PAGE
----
In a new post for the LLR Lagniappe, the blog of the Louisiana Law Review, my colleague Lauren Tracy discusses the current circuit split on what the government can demand from abortion providers prior to an abortion. In her blog post, “Give It to Me Straight, Doc: Circuits Split on Whether Abortion Requirements Violate Doctors’ Free Speech Rights,” Tracy recounts the December case of Stuart v. Camnitz in which the Fourth Circuit Court of Appeals struck down part of the North Carolina Woman’s Right to Know Act. This decision created a circuit split among the Fourth, Fifth, and Eighth Circuits. In Stuart, the Fourth Circuit held that the “display-and-describe” requirement of the Act was unconstitutional.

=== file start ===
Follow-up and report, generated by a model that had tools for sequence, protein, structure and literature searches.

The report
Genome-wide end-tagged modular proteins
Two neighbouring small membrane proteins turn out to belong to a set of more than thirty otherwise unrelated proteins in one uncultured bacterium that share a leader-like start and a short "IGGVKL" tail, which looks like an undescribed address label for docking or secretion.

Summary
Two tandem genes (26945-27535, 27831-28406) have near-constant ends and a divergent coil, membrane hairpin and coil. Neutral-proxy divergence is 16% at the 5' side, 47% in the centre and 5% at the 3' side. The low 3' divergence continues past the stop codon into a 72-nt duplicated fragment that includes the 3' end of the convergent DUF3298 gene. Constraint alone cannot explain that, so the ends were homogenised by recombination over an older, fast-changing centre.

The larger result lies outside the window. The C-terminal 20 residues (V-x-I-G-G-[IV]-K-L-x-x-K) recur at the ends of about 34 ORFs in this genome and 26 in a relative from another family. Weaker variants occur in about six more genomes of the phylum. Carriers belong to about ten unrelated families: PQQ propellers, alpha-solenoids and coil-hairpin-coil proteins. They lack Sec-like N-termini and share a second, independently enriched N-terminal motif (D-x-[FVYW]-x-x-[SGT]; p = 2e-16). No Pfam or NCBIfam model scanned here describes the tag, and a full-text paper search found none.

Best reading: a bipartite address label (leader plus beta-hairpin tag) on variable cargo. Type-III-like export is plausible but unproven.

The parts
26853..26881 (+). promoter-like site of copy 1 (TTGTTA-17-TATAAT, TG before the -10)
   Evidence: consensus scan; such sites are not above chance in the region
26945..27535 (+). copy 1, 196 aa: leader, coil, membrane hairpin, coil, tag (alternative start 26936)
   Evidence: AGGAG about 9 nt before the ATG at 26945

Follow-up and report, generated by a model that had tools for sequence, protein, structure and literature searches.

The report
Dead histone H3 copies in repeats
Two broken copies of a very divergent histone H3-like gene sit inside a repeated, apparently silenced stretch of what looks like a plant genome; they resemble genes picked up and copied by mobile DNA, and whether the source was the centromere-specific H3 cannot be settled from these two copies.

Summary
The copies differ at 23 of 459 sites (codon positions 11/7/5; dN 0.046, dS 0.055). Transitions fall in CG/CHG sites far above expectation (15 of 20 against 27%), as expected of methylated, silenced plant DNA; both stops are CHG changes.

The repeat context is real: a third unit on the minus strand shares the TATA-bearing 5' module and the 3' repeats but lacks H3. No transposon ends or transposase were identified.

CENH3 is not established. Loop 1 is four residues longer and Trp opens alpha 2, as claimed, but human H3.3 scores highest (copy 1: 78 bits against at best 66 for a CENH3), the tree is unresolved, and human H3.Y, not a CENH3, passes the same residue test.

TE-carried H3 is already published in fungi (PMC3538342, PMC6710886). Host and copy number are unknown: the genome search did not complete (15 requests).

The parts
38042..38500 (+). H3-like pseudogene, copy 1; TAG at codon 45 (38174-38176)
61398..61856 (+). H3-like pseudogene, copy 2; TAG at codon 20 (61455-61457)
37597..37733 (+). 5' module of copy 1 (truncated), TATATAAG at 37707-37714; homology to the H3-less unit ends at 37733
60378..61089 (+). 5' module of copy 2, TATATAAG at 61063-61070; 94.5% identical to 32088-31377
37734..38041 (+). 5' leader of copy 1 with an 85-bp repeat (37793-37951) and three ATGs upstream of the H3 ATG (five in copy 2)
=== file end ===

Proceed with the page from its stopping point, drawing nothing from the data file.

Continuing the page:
The stricken portion, the Display of Real-Time View Requirement, required an abortion provider to perform an ultrasound on a woman seeking an abortion, to display the resulting sonogram so that the woman may view it in real time, to simultaneously describe certain aspects of the sonogram’s contents to her, and to offer her the opportunity to hear the fetal heartbeat.
For more on Stuart and the conflicting cases from the Fifth and Eighth Circuits, read Tracy’s blog post on the Louisiana Law Review Lagniappe.
Update: The U.S. Supreme Court denied cert in Walker-McGill v. Stuart on June 15, 2015. This means the Supreme Court—at least for this term—will not hear the case and clear up the disagreement on the constitutionality of the display-and-describe requirements.